When I planned my day on the Eagle River, I reacted to two critical pieces of information. The weather forecast called for highs in the low sixties accompanied by 16 MPH winds. I banked on the warm air temperatures to create comfortable conditions for a day of fishing. The stream flows were in the 150 CFS range; and my friend, Todd, who lives in Arrowhead near Avon informed me in an email, that fishing has been been excellent with consistent blue winged olive hatches in the afternoon. I took the plunge and made the two plus hour drive to Avon.

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Fun Starts Here on April 16

As I prepared to fish, the air temperature was around fifty degrees, and slate gray skies suggested, that it would be awhile before the warming rays of the sun would have an impact. As projected, the wind gusted on a regular basis, so I pulled on my green light fleece jacket in addition to my waders. I eschewed my New Zealand hat with ear flaps, and left my gray fleece in the car. I banked on sunshine and a warming trend in the afternoon.

As the day evolved, the sun rarely peaked through the clouds, and I rued my decision to forego the ear flaps and extra layer. The weather did not create comfortable conditions for fishing, but it did provide an ideal environment for blue winged olives. Once my Sage four weight was assembled, with the fly line pulled through the guides, I crossed the highway and followed the bicycle path down the hill to the river. I was overjoyed to discover that I was the first arrival at the targeted section of the stream. I configured my line with a strike indicator, split shot, beadhead hares ear nymph and sparkle wing RS2 and began drifting the nymphs through some delightful deep runs at the top of the long pool. I was quite optimistic; however, thirty minutes elapsed with no action.

I shuffled to the bank to warm my feet and then retreated to a nice wide run just downstream of the pool. Once again I probed the depths with my nymphs, and again there was no evidence of Eagle River trout. I abandoned the faster run and returned to the midsection of the large pool, and at this point I exchanged the beadhead hares ear for a beadhead emerald caddis pupa. The emerald pupa generated a few nice trout in the early going in Eleven Mile Canyon, so perhaps the same would occur on Monday on the Eagle River. I began drifting the nymphs through the middle of the pool, where the faster water spread out over nice moderate depth, and simultaneously I began to see sporadic rises.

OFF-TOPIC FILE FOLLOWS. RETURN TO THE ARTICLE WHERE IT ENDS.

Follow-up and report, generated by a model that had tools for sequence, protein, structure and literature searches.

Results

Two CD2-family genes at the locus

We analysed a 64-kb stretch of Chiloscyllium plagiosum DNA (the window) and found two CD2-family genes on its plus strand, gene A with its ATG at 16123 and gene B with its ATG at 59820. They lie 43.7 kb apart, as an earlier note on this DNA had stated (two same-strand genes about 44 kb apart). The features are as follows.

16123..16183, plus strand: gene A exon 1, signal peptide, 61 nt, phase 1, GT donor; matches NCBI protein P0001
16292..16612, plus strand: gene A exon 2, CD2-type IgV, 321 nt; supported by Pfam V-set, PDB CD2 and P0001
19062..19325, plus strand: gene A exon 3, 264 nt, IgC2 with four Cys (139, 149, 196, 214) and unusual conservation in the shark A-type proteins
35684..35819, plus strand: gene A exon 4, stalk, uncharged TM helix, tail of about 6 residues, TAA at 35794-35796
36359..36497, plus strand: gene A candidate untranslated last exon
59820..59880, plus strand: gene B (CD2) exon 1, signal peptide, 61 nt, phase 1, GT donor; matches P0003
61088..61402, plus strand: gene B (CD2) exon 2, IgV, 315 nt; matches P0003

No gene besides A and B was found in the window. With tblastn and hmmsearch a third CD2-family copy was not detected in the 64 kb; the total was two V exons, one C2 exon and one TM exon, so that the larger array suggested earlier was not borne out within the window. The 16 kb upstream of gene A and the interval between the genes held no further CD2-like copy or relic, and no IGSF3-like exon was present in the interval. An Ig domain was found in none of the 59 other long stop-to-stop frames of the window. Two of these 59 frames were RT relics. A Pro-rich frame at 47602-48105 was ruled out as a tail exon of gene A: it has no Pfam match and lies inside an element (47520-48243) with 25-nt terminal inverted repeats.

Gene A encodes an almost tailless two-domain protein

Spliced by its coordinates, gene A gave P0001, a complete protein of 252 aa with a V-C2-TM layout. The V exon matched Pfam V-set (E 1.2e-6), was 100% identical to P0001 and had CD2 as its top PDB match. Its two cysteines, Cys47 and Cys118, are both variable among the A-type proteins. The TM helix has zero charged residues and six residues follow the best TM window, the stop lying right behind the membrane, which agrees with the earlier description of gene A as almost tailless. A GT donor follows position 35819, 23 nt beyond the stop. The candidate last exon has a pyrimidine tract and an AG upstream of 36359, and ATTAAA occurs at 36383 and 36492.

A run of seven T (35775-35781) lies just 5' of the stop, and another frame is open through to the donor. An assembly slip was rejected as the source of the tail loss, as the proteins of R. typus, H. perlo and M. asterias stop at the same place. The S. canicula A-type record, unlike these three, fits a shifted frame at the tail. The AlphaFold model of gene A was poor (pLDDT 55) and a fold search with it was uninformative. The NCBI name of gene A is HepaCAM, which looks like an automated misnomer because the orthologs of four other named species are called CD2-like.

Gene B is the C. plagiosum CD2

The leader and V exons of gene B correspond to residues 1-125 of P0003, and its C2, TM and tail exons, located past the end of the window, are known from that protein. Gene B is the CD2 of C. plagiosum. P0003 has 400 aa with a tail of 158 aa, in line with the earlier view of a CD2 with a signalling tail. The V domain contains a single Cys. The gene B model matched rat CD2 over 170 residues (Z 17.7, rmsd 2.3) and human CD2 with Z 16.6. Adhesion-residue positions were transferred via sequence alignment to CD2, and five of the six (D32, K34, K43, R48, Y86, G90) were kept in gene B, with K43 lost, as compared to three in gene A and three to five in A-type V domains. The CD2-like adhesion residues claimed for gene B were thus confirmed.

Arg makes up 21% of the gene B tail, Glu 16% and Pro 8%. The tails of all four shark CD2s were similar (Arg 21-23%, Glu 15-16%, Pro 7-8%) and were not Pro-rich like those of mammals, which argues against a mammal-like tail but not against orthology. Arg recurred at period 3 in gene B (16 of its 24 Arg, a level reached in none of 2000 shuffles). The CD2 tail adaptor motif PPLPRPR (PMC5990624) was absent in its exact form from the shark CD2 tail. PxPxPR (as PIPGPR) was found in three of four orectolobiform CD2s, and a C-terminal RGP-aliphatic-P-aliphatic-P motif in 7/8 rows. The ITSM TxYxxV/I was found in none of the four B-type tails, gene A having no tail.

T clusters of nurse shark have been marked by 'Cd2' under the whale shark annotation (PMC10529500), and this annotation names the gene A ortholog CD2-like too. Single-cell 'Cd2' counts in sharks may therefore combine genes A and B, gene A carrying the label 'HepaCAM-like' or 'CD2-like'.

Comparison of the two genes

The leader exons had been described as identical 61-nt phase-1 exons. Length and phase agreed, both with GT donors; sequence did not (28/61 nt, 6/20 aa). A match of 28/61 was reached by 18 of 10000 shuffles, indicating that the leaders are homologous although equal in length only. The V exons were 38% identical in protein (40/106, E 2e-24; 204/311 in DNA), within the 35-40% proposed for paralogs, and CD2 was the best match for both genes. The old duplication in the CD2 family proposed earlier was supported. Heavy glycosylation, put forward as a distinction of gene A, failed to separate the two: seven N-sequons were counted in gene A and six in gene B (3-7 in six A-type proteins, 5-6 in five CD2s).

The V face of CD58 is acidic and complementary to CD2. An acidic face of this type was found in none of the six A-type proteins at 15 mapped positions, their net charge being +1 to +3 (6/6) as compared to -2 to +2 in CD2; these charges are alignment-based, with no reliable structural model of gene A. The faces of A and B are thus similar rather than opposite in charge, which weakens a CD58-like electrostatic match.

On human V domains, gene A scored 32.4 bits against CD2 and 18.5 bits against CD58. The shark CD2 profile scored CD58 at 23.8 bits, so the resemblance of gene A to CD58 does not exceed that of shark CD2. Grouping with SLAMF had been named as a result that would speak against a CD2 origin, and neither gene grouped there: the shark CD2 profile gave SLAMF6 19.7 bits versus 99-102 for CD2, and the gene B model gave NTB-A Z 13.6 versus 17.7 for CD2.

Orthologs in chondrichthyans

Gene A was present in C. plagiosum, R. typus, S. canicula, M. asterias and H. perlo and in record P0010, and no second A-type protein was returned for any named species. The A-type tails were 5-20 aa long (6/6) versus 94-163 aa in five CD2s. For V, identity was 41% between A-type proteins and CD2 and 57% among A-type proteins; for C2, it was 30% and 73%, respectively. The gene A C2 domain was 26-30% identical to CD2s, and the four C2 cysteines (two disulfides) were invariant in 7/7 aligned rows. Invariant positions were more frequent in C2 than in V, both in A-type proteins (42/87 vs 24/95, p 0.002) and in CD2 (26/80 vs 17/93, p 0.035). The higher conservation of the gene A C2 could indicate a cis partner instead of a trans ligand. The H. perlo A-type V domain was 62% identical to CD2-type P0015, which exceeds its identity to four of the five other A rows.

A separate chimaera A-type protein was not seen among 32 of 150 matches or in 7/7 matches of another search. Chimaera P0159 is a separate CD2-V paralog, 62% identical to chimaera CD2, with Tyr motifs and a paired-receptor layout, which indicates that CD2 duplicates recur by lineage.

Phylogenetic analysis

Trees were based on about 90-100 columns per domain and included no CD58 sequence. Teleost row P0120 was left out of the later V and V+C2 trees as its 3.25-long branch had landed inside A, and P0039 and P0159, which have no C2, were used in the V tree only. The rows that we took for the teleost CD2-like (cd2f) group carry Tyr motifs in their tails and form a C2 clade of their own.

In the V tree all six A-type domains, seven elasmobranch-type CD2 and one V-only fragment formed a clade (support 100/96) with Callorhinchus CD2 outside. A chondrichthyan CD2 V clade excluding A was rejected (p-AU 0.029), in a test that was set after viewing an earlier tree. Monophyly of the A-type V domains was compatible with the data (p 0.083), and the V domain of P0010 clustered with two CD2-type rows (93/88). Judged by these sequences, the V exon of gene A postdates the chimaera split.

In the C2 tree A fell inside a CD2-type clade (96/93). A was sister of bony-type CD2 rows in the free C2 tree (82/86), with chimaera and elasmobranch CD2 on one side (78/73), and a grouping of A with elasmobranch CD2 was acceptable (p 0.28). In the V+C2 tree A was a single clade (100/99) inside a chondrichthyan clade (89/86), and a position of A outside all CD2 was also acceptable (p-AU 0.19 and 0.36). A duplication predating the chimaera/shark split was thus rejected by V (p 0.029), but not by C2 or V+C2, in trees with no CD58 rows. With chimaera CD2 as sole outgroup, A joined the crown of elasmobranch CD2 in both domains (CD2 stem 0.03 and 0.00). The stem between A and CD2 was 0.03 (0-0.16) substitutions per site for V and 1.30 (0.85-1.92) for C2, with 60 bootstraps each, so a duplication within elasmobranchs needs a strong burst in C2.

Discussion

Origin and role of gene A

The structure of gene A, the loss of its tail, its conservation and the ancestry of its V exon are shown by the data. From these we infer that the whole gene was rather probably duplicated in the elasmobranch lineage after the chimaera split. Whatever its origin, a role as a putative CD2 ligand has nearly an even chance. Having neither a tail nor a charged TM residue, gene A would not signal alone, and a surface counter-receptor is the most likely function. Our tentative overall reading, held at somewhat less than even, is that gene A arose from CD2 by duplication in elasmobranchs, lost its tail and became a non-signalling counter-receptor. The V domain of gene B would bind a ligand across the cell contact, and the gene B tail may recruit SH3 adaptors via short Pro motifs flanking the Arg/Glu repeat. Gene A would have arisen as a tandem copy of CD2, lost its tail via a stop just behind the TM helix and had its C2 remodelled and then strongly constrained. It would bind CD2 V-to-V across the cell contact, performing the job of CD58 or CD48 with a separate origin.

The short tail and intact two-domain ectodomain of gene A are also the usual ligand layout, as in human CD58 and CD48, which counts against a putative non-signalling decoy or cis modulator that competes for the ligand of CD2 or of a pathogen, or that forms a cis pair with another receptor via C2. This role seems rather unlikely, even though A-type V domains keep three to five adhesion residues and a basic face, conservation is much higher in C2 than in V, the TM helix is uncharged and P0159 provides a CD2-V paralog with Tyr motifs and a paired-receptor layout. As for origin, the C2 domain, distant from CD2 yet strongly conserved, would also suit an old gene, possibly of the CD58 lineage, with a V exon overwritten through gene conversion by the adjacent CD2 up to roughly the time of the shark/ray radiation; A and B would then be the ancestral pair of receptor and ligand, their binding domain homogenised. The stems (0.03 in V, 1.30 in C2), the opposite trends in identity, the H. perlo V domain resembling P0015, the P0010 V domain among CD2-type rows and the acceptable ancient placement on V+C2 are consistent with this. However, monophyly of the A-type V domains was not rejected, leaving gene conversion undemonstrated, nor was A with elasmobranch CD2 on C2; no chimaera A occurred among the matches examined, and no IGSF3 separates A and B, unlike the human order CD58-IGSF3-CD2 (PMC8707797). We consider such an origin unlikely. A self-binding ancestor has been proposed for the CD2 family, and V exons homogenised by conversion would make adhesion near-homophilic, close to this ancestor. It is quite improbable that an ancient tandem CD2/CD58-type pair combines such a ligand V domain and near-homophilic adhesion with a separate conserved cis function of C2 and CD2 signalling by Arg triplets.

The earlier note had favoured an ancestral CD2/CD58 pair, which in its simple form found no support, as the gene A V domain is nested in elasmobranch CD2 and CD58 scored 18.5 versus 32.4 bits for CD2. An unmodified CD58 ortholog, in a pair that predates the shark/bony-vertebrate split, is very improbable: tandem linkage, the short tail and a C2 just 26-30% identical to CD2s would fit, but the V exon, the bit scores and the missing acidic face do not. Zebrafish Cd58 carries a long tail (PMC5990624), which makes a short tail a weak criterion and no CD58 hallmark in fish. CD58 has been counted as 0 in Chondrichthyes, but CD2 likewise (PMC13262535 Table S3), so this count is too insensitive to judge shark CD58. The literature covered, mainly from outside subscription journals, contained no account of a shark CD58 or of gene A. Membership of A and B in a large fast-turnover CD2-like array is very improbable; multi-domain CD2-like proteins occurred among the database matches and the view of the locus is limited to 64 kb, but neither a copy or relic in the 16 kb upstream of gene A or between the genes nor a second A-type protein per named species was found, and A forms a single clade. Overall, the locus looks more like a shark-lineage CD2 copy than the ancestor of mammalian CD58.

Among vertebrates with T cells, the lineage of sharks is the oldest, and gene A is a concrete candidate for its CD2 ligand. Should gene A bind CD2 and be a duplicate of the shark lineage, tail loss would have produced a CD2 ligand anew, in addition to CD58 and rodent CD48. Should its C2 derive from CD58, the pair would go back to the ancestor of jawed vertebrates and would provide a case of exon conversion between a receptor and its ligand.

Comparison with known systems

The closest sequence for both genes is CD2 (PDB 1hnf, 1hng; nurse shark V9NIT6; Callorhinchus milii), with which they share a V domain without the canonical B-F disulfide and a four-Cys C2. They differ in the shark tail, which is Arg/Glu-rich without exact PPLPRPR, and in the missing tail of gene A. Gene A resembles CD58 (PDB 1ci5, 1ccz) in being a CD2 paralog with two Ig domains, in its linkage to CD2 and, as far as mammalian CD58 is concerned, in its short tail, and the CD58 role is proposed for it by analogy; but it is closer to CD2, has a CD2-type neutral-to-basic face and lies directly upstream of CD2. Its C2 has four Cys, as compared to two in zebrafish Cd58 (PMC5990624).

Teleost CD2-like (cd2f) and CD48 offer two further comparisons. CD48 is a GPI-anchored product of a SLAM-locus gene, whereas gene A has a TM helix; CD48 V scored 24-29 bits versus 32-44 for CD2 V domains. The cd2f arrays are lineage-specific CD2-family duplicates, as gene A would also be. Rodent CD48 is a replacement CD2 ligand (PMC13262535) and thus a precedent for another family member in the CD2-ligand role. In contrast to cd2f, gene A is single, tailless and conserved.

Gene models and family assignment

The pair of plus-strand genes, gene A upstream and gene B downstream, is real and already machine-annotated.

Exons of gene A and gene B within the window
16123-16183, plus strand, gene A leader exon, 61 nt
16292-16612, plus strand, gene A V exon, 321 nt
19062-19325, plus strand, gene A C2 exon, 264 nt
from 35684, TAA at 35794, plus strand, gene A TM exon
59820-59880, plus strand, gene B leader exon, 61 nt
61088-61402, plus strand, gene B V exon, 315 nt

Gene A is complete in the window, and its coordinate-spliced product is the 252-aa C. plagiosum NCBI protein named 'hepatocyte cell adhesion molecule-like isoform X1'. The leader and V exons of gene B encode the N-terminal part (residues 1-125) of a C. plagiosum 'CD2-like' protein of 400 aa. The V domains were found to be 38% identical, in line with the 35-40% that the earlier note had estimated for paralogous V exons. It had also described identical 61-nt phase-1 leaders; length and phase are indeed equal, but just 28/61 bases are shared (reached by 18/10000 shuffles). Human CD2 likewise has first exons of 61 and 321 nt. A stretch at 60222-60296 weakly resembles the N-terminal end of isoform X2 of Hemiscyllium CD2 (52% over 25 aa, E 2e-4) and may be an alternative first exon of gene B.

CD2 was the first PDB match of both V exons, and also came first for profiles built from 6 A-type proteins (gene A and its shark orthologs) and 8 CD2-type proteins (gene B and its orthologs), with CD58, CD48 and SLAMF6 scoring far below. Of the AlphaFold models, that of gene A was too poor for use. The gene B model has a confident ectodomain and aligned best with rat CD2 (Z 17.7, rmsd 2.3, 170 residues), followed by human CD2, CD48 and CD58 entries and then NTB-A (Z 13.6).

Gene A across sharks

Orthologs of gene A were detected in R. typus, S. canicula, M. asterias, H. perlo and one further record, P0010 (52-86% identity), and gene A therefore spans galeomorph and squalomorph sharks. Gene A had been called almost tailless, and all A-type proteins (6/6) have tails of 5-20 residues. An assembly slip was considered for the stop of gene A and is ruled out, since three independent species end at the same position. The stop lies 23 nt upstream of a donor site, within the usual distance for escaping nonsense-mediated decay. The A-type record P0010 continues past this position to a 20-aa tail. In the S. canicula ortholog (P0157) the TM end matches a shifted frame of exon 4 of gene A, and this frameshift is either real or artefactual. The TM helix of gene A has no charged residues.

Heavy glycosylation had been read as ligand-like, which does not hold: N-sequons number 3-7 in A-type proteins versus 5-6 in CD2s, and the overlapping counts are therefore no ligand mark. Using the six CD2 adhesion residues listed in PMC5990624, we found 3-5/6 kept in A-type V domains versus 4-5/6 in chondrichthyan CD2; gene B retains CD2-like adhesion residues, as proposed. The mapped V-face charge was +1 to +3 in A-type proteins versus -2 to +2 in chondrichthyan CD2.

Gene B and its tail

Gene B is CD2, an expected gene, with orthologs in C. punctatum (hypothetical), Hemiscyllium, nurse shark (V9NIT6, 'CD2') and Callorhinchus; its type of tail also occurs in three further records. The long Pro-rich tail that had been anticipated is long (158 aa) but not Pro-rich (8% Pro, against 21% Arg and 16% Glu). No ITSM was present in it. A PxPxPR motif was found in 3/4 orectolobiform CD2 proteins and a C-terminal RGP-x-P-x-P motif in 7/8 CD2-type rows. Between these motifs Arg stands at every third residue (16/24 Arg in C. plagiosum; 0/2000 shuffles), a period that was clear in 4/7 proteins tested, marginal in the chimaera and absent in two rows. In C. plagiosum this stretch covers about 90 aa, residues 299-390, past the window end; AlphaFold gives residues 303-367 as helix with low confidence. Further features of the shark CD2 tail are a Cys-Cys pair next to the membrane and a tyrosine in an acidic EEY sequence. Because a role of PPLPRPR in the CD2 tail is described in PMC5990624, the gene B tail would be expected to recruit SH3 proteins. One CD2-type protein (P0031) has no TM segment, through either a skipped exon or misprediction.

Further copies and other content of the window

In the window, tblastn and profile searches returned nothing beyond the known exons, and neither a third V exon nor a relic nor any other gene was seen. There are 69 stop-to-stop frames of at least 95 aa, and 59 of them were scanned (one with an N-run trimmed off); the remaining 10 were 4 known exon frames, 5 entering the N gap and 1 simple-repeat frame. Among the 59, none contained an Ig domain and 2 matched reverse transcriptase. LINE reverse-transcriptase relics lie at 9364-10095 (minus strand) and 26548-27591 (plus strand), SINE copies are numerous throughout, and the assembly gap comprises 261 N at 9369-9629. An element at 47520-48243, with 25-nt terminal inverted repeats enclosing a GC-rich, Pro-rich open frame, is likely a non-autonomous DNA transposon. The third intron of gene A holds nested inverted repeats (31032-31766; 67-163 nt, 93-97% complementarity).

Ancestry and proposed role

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Gray-Green Rocket

I scanned the water several times, but I was unable to detect any surface food source of significance. I debated shifting to a blue winged olive dry fly, but I was not certain that was the answer. As these thoughts were swirling through my brain, another fisherman arrived, and I carefully watched him. He had a large backpack, and he changed into his waders and assembled his rod among the large boulders next to my pool. I was eager to see where he planned to fish. Eventually he was ready, and he began fishing the faster run below the pool, that I prospected fifteen minutes earlier. After a bit he signaled, and asked if I minded if he crossed to the the very lower portion of the pool, and I responded with an OK. I was a bit concerned that he would occupy the slower moving lower section of the pool above the natural rock dam, but the area was quite large and could easily accommodate two fishermen.

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Sparkle Wing RS2 Lover